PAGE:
The time has come for Parliament to immediately direct the Minister of Veterans Affairs to establish a national registry for veterans who believe they may be suffering chronic health effects from exposure to the neurotoxic antimalarial mefloquine (Lariam), a drug developed by the U.S. military over four decades ago.
Evidence suggests that a syndrome of lasting neurological and psychiatric effects occurs among a significant percentage of veterans who have been ordered to take this drug as chemoprophylaxis for malaria since the original issue of this drug by Health Canada (unlicensed at the time) in November 1992.
Contrary to FDA guidance, many of these veterans were ordered to take mefloquine without receiving critical warnings or effective monitoring. Prodromal symptoms such as:
These symptoms should have prompted them to immediately discontinue the drug. They did not and could not.
In July 2013 the FDA directed a black box warning appear on the mefloquine product insert clarifying that neurological side effects from the drug could be permanent and that psychiatric side effects could persist â€œfor months or years after mefloquine has been stopped.â€? Many of these side effects mimic those of traumatic brain injury and posttraumatic stress disorder, yet affect veterans who lack the history of traumatic exposures that would better explain these diagnoses. These veterans risk suffering in confused silence.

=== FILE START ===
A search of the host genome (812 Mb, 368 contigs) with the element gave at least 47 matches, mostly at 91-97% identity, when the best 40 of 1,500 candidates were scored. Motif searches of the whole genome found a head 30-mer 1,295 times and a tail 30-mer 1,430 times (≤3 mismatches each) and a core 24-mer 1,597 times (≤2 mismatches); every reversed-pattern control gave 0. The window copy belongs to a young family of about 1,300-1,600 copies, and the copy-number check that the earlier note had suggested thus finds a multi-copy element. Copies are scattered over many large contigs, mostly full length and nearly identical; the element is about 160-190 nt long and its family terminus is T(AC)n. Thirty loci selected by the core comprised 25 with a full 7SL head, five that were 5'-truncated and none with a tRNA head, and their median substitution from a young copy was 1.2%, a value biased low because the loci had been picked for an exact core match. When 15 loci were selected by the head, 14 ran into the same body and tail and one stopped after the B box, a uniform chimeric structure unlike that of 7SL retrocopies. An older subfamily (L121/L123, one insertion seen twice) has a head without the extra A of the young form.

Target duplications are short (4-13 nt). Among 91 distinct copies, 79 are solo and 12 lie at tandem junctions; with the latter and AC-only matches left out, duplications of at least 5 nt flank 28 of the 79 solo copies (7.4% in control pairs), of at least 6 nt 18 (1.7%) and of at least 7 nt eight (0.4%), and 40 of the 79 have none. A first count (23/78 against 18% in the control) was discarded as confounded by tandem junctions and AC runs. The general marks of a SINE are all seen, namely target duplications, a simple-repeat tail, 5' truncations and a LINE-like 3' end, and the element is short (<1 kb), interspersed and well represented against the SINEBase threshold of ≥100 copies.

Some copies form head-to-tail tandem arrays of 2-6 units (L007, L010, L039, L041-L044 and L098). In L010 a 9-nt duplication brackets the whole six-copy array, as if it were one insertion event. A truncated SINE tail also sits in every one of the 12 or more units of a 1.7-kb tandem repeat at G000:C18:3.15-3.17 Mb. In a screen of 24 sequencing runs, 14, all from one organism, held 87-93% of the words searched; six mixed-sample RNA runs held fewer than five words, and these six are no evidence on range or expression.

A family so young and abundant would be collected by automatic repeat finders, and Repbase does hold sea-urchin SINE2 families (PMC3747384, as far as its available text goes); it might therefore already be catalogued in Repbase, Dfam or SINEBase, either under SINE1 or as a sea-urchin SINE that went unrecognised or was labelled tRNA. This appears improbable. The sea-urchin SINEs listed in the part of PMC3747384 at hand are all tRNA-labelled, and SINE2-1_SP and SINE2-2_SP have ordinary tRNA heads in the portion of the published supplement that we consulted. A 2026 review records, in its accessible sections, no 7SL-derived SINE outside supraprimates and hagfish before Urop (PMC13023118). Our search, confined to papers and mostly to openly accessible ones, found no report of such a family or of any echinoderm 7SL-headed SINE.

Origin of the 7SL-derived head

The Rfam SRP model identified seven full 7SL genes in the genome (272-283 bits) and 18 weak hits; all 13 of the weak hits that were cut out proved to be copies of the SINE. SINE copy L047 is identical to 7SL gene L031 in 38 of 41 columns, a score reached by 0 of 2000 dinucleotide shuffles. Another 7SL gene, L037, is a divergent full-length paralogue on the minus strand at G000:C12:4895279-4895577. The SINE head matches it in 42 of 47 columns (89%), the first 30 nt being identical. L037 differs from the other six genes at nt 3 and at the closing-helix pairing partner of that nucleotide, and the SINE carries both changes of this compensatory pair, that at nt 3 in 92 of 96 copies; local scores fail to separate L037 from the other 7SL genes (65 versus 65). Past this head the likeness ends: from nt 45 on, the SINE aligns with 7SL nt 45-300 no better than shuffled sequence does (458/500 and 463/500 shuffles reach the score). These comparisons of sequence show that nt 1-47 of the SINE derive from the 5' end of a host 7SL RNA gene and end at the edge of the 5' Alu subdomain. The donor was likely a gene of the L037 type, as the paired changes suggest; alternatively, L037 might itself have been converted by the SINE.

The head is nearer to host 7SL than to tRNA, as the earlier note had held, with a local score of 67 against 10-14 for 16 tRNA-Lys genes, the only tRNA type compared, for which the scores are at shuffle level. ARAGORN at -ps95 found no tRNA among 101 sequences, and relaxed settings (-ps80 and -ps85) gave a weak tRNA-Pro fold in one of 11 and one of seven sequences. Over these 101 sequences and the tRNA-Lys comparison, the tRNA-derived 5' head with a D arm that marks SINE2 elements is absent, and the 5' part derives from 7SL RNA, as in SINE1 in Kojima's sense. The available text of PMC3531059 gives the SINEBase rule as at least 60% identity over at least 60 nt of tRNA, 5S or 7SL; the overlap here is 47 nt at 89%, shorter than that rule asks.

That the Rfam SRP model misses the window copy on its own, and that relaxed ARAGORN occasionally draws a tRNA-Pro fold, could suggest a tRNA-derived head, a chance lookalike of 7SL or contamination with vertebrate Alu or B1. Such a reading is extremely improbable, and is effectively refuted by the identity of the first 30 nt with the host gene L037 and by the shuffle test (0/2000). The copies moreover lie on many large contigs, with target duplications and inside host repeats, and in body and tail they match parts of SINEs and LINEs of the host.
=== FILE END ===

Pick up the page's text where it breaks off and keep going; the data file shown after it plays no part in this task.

VAC must initiate a nationwide campaign to identify all veterans who took mefloquine and may be suffering from its chronic health effects, so as to better guide their future medical treatment and to determine how best to compensate those suffering permanent disability from the drugâ€™s neurotoxicity. The United States is already underway with such a program. Why not Canada?
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